According to N.S. Gill’s article on Thoughtco.com, “Dionysos is a patron of the theater and an agricultural/fertility god. … Writers often contrast Dionysus with his half-brother Apollo. Where Apollo personifies the cerebral aspects of mankind, Dionysus represents the libido and gratification.”

Despite being the creator and god of wine, the ritual madness associated with Dionysus did not involve alcohol or drugs. “Their wild dancing and estate ecstatic behaviour were interpreted as ‘madness’ only by the uninitiated,” according to the Ancient World Project at the University of Michigan.

Greek theater is said to come from the worship of Dionysus in Athens. The Theater of Dionysus held 17,000. Plays were performed honoring Dionysus as god of wine. It’s said that tragedies dramatized his negative and destructive traits while comedies incorporated innocence, humor and his many festivals

When you incorporate wine into your celebrations, rituals, or for cakes and ale, honoring Dionysus can bring fertility and gratification.

Merry part. And merry meet again.

***

About the Author:


Lynn Woike was 50 – divorced and living on her own for the first time – before she consciously began practicing as a self taught solitary witch. She draws on an eclectic mix of old ways she has studied – from her Sicilian and Germanic heritage to Zen and astrology, the fae, Buddhism, Celtic, the Kabbalah, Norse and Native American – pulling from each as she is guided. She practices yoga, reads Tarot and uses Reiki. From the time she was little, she has loved stories, making her job as the editor of two monthly newspapers seem less than the work it is because of the stories she gets to tell. She lives with her large white cat, Pyewacket, in central Connecticut. You can follow her boards on Pinterest, and write to her at woikelynn at gmail dot com.

 

A Woman’s Place

May, 2018

Judging Women Ourselves & Others

One of the things that stand out for me in the everyday world is how women judge themselves, and other women, so harshly.

It happens between friends when one is unintentionally hurt by the words of others. In a friendship, for the most part, although there are exceptions, no one ever wants to hurt the other, but it happens. You apologize and, with hope, move forward.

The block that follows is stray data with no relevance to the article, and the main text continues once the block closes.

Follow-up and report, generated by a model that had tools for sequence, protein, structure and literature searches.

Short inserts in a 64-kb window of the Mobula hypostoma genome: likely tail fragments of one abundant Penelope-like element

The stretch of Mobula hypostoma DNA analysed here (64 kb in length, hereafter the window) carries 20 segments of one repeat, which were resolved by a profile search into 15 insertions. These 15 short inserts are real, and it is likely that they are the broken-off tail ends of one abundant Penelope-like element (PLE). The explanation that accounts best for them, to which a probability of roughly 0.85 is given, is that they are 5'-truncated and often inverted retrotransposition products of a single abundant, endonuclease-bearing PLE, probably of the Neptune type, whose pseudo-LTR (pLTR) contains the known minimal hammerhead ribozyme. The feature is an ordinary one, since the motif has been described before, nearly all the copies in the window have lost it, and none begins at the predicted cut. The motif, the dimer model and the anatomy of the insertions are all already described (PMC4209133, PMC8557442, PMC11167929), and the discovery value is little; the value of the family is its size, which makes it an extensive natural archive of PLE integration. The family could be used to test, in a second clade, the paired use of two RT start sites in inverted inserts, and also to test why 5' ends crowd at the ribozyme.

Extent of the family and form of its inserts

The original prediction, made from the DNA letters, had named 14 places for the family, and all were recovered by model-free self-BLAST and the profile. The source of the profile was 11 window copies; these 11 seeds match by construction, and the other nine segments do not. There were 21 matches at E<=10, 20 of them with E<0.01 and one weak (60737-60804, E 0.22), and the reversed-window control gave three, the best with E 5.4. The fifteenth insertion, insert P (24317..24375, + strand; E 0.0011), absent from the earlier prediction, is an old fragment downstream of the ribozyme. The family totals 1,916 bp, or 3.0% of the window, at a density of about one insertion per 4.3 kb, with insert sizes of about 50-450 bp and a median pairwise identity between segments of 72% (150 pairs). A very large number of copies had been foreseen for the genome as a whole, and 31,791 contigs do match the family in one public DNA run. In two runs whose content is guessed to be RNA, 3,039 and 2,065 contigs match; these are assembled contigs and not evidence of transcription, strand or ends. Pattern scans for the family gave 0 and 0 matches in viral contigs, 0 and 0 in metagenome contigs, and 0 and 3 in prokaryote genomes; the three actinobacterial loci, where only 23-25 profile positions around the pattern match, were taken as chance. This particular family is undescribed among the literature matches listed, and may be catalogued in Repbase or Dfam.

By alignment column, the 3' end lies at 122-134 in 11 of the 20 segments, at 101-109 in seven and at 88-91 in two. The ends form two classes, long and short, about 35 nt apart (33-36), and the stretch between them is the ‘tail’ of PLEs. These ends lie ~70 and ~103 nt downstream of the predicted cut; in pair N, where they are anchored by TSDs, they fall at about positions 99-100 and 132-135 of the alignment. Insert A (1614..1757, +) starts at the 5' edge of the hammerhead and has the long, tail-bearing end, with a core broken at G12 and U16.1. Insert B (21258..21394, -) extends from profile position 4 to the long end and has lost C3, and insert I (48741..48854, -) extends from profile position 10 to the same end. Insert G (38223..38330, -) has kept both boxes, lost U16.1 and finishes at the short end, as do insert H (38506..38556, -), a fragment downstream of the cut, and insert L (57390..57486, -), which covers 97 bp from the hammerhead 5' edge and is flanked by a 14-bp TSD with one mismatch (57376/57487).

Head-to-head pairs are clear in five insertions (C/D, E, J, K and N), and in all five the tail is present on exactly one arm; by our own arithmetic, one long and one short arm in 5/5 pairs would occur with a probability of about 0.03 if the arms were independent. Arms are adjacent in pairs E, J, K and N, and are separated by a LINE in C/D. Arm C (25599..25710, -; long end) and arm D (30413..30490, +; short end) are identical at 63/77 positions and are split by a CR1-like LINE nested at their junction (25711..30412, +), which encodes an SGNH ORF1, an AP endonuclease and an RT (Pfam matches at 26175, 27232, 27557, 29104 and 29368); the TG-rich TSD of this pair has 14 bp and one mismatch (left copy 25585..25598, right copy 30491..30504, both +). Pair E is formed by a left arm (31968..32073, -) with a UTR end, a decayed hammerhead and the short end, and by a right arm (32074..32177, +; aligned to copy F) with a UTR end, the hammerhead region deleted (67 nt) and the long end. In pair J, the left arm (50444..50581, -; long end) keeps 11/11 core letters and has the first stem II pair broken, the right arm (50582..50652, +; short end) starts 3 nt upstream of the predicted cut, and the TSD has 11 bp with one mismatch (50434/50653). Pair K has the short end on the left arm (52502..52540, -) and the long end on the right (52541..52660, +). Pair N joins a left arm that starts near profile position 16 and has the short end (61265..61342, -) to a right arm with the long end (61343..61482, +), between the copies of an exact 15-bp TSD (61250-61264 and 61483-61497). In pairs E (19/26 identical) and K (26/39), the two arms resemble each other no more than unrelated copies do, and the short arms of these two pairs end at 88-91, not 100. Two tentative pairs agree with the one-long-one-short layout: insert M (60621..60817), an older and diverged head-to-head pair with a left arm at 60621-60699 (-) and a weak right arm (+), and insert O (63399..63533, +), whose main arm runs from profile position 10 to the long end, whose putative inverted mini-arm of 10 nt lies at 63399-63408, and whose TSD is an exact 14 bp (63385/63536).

Stop a moment and think about how much and how often we judge others; those we know, and more often, those we do not know.  This is especially prevalent in women; women judging ourselves and women cruelly judging other women.  We do it; we ALL do it, even those who believe we are enlightenedand feminist in our thinking, whether we wish to admit it to ourselves or not.

I am of the opinion that this is the way this patriarchal culture, this male-dominated society, has trained us to be so.  I am not going to go into the many wrongs done to women and to people of color by a white-male privileged society, not here anyway and not yet (fair warning).  This is more to the way women are trained from birth to judge and to distrust other women.

It would appear that the most important thing any female can do in this culture is to find a man, keep him, marry him and raise a family.  We are told this continually, we see it daily in movies, on TV, in books (for those fortunate enough to love to read).  This is the life we are trained for.  Little girls get toy vacuums, little plastic kitchens, tea sets; we are the ones who are taught to set the table, clean the house, do the chores, and maybe get taught how to cook, at least the basics.  As we grow older, we shave the unwanted hair on our bodies, make ourselves up like kewpie dolls, all in the name of getting a man”.